Tuesday, February 27, 2018

#ClassicsaDay #ClassicalFilmScore - Week 4

For the month of February 2018, some of the contributors to #ClassicaDay feed wanted to celebrate film. The Academy Awards are held in February, so it was a good time to share examples of classical music influencing film scores (and vice-versa).

There are many ways to look at that intersection. Some classical composers also wrote for film. Some film composers wrote classical works for the concert hall. Some classical music has become famous primarily because of its use in a film, and some film scores have been expanded into classical works.

Here were my selections for week one of #ClassicaDay #ClassicalFilmScore. I only post on the week days, and there were only two in the first week.)

John Corigliano (1938 -) - Violin Concerto No. 1, "The Red Violin"
(The Red Violin, 1997)

The movie "The Red Violin" traces the history of a violin from its creation in 1681 Cremona through its auction in 1997. John Corigliano, working closely with violinist Joshua Bell. The score mirrors various styles of classical music and won an Academy Award. In 2003 Corigliano reworked the material into a concerto for violin and orchestra. He also created a set of caprices for solo violin from the score.


John Williams (1932 - ) - Concerto for Tuba and Orchestra (1985)

John Williams is justly famous for his many classic film scores. Less well-known are his classical compositions. Some, such as Escapades for Alto Saxophone and Orchestra, are repurposed from film scores. Most, though, are entirely original. Over the years, Williams has written at least ten concertos for different instruments, including one for tuba.

Alfred Schnittke (1934-1998) - Score to "The Master and Margarita" (1994)

This massive film was the nineteenth -- and final -- film score Schnittke composed. The 204-minute film was only shown in Russia. Complicated rights and political issues prevent its distribution. The only part of the film to become public was Schnittke's soundtrack.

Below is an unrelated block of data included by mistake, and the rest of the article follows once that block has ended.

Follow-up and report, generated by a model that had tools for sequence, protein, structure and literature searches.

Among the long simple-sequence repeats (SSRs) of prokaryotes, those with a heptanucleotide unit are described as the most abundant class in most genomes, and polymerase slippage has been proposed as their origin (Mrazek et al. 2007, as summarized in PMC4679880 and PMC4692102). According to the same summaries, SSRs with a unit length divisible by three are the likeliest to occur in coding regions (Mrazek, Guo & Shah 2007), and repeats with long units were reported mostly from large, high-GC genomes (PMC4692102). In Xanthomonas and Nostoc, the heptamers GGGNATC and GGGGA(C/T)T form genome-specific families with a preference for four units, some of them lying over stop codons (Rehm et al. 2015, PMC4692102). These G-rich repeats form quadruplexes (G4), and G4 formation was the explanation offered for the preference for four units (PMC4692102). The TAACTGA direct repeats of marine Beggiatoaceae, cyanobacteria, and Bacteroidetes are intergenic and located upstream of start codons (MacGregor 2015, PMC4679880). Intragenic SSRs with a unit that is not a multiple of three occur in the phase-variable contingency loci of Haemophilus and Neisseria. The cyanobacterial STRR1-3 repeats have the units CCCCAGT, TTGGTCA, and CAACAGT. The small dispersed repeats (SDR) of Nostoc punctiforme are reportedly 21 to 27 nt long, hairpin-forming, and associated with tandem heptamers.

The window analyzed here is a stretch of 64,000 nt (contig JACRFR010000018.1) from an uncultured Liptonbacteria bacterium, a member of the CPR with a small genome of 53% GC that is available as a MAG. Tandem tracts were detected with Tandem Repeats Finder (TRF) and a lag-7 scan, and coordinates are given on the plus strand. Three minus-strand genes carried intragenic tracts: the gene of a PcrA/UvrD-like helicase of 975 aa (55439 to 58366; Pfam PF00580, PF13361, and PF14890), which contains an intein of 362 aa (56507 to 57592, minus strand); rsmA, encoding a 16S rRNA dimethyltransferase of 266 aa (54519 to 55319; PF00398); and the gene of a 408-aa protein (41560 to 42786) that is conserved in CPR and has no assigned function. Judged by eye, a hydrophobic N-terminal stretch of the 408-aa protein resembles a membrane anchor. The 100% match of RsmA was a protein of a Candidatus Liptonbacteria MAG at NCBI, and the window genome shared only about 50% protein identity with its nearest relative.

Elmer Bernstein (1922 - 2004) - Concerto for Guitar and Orchestra

Bernstein studied with Aaron Copland, Roger Sessions, and Stefan Wolpe. Although best-known for his film scores, such as "The Magnificent Seven," "To Kill a Mockingbird," and "The Great Escape." He also composed many classical works. His guitar concerto was written for Christopher Parkening.

Nino Rota (1911-1979) - Concerto for Harp and Orchestra (1947)

One of the most famous Italian film composers, Nino Rota also had a distinguished concert career. He composed ten operas, five ballets, and many concertos for various instruments.

George Antheil (1900-1959) - Score to "Ballet Mécanique" (1926)

Avant-garde composer George Antheil was also a successful film composer, with almost 30 scores to his credit. His most popular concert work was originally conceived as a film score. The Ballet Mécanique was written for an experimental film by Fernand Léger and Dudley Murphy.

Arnold Bax (1883-1953) Score to "Oliver Twist" (1948)

British composer Arnold Bax is best known for his orchestral tone poems and symphonies. Yet he had a film career as well (albeit a short one). His score to "Oliver Twist" was the second of three films he wrote music for.

Aram Khachaturian (1903-1978) - Score to "The Battle of Stalingrad" (1949)

Although best known for his ballet scores, His "Sabre Dance" has been used in countless films, TV shows, and commercials. But Aram Khachaturian also wrote original film music. "The Battle of Stalingrad" is one of 22 film scores that he composed. It won the Stalin Prize in 1949.

#ClassicalFilmScore Week1

#ClassicalFilmScore Week 2

#ClassicalFilmScore Week 3

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